For information, write to UCSD Extension, X-001, UC San Diego, La Jolla 92093, or call (619) 452-3400.
Pasadena City College
“CBEST.” Workshops in math, reading and writing designed to prepare and familiarize aspiring teachers with the California Basic Education Skills Test, a requirement for teaching credentials. Classes are being offered in November.
“Small Business Organization and Development.” One-day seminars, with the next one on Jan. 11, 1986. Covers causes of small business failure and how to avoid them. Fee: $30.
For information, write to Office of Community Services, 1570 E. Colorado Blvd., Pasadena 91106-2003, or call (818) 578-7261.
Cal State Fullerton
“Registered Apartment Managers Program.” Sponsored by the National Assn. of Homebuilders’ registered apartment managers program, this course introduces management principles and practices. Completion of program fulfills the Department of Housing and Urban Development certification requirement for employment by a public housing agency. The next class begins in January.
“Starting a Word Processing Service.” Learn how to begin in this business, including where to find clients, what the tax breaks are and what hardware and software is available. Evening seminar on Dec. 2.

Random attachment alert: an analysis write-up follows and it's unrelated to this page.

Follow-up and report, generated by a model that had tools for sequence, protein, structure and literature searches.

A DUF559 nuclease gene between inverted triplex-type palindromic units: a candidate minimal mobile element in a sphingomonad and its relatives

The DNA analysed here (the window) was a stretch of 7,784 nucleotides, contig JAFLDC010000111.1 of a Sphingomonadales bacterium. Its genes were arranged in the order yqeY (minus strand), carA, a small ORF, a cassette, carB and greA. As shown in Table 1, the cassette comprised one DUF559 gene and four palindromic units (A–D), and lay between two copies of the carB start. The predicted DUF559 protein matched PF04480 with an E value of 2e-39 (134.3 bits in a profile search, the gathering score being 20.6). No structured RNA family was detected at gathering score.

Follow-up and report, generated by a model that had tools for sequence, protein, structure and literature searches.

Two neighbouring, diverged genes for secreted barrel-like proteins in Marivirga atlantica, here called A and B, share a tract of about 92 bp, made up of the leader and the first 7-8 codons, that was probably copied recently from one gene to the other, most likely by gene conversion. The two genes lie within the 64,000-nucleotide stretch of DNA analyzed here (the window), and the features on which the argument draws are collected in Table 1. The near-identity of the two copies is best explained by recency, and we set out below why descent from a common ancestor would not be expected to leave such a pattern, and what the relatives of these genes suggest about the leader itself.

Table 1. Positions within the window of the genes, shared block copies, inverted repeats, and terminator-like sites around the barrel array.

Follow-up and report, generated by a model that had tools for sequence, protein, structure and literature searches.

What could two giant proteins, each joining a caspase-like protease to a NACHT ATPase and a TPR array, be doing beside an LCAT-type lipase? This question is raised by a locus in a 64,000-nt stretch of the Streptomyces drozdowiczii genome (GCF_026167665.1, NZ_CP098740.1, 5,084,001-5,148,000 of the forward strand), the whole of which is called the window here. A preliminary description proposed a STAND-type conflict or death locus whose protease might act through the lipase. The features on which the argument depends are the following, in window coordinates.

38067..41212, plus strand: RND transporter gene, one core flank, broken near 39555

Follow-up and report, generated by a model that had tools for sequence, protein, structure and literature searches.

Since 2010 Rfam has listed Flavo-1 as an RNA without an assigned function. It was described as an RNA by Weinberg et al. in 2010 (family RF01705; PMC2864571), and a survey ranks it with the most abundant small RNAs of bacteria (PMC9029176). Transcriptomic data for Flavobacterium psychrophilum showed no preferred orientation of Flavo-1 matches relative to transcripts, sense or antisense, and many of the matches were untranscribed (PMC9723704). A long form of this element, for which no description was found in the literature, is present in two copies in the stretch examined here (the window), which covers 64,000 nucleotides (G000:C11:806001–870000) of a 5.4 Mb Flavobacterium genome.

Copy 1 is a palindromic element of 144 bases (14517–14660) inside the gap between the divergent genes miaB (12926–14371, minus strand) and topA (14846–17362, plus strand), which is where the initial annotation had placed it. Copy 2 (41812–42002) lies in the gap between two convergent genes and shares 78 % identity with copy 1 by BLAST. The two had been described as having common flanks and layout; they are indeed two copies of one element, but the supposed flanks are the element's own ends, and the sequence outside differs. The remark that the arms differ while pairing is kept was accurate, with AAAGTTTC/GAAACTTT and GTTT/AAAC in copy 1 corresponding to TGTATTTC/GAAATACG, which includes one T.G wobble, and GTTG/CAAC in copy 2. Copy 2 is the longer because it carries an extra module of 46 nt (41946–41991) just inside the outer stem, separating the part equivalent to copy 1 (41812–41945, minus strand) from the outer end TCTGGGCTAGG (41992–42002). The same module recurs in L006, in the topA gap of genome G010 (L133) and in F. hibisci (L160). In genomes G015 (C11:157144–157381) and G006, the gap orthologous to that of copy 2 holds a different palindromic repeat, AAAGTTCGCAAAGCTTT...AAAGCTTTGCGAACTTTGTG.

For information, write to CSUF’s Office of Extended Education, Building T-14, Fullerton 92634, or call (714) 773-2611.
The Learning Network
“How to Develop, Pitch and Sell Your TV or Film Project.” Speakers will include Tony Bill, producer of “The Sting,” and Susan Merzabach, producer of “Desperately Seeking Susan” Oct. 5 at the Century Plaza Hotel. $65.
The Learning Network is a private, for-profit institution offering more than 140 courses and seminars. For information, write to the Learning Network, 520 S. Sepulveda Blvd., Suite 201, West Los Angeles 90049, or call (213) 476-1267.